This story is about my personal experience about road safety that was endangered by a mysterious pothole in the middle of Kalayaan St, Makati.
Morning of Nov 14, 2018 around 9:00 am, I was driving from JP Rizal going to Jupiter St in Makati. At the corner of Pasong Tirad and Kalayaan streets, my vehicle fell into a large open manhole, which I did not see despite being in broad daylight. Upon recovery from the fall, my vehicle’s front left tire was quickly deflated and I had to go out and check the damage to my car. As soon as I was going around the car to find where I had fallen, three men came to my “rescue” and I was taken aback because I felt threatened by their sudden appearance. I refused their offers of help and drove the car to the nearest gas station despite the blown out tire.
Upon arriving at the nearby gasoline station, I had the tire changed using my spare tire. The original tire, though still new, was beyond repair, and that meant I will have to buy a new one. The tie rod end was also damaged because the steering wheel was no longer aligned when I drove out of the gas station. Several repairs were needed to make my car as road worthy as it was before, all totaling P14,500.
According to the Makati Police themselves, if you are in a situation where you feel like you might be in danger, best to extricate yourself from the scene. So in my case I did do the right thing by leaving the place as soon as I could. However, the police also warned me about filing police blotters against persons who may have exuded an aura of wrongdoing, but has actually done you no wrong.
PO1 L.C. Buban of the Makati Police issued this warning to me about filing blotters against persons who have actually done you no wrong. It is against a person’s human rights. If one of three unidentified men had actually made a threat, then the blotter would have been proper.
So I decided to bring the matter to the Makati Public Safety Department. They agreed with the police that my case was a public safety concern and that they would investigate the matter, as well as make an ocular inspection of the area. Their inspectors reported that there is an ongoing road work in the area and that the open manhole might have been necessary to complete the construction.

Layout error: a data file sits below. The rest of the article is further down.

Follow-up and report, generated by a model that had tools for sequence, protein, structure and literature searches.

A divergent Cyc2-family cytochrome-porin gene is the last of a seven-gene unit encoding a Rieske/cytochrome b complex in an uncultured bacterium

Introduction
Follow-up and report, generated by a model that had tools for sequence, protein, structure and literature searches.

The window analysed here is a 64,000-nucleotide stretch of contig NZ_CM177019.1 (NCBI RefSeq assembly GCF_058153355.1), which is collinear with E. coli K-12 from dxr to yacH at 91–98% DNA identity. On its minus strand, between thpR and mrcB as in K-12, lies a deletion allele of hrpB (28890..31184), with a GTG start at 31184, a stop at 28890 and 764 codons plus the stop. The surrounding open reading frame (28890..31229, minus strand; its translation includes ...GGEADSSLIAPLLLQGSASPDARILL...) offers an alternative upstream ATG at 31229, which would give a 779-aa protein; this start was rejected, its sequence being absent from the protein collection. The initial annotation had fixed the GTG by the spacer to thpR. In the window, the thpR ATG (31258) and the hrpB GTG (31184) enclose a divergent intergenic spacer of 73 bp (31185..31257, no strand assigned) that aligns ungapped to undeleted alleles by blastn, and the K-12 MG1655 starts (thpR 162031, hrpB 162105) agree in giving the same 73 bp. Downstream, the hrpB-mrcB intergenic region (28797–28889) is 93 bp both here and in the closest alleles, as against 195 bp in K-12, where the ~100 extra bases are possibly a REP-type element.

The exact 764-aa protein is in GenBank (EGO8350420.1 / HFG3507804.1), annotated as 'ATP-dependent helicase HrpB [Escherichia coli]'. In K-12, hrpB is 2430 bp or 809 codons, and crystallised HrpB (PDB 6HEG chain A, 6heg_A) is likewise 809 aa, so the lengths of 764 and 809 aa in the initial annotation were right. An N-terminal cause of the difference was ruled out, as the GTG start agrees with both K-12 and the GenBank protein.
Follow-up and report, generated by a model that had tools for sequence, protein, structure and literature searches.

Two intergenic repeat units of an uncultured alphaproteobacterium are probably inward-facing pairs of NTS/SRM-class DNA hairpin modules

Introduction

Back in 1968, a pedestrian fell into an open manhole in the City of Manila. He fell because at the time he was wading into ankle deep floods and because of the murky flood waters, he wasn’t able to see the manhole until he fell into it. The pedestrian sued the City of Manila to get some form of compensation for the injuries that he experienced which he believed was caused by the negligence of the city government of Manila.
The City of Manila defended itself by saying that the road where the manhole was situated was in a national highway and was thus not within the jurisdiction of the Manila city government and thus could not be held liable for the unfortunate incident. The question remains who should have been liable for the incident.
These days, the government agency who ordered the road repairs can be identified easily because permits and related information are shown conspicuously onsite, including the contact numbers of the developers or third-party contractors if there are any. So in case of any accidents, the guilty parties can be identified easily, without any question as to who will provide the necessary assistance.
Specific rules and regulations have in place as far back as 2004 and prior, by the Department of Public Works and Highways that carry heavy penalties from fines to project termination. One such example is Department Order (DO) 135 that recommends the penalties prescribed in Rule 10 of the Revised Rules on Administrative Cases in the Civil Service. Also quoted in DO 135 are the rules outlined in RA 9184 which is the standardization and regulation law for procurement by government agencies more commonly known as the Government Procurement Reform Act. The agency that initiated the procurement leading to the construction or road work will be able to crack the whip on erring contractors in cases where accidents and public inconvenience become a direct result of the contractor’s negligence, as in the case of a manhole left open.
Knowing this, I could expect the Makati city government may choose to indemnify the contractor for this event. Naturally, an investigation will follow to see if my claims are true and valid. If they find it to be so, then I may not get the compensation I seek. The fact that the elections are just around the corner, there may yet be a beacon of hope.
So how does all this relate to my predicament of my car falling into an open manhole? I was directed to call someone in the Makati mayor’s office and I am still waiting for a call back. I am hoping that the city government of Makati can compensate me for the bother and the unnecessary expense, which could have turned out into a tragedy. Been weeks already and still no call back.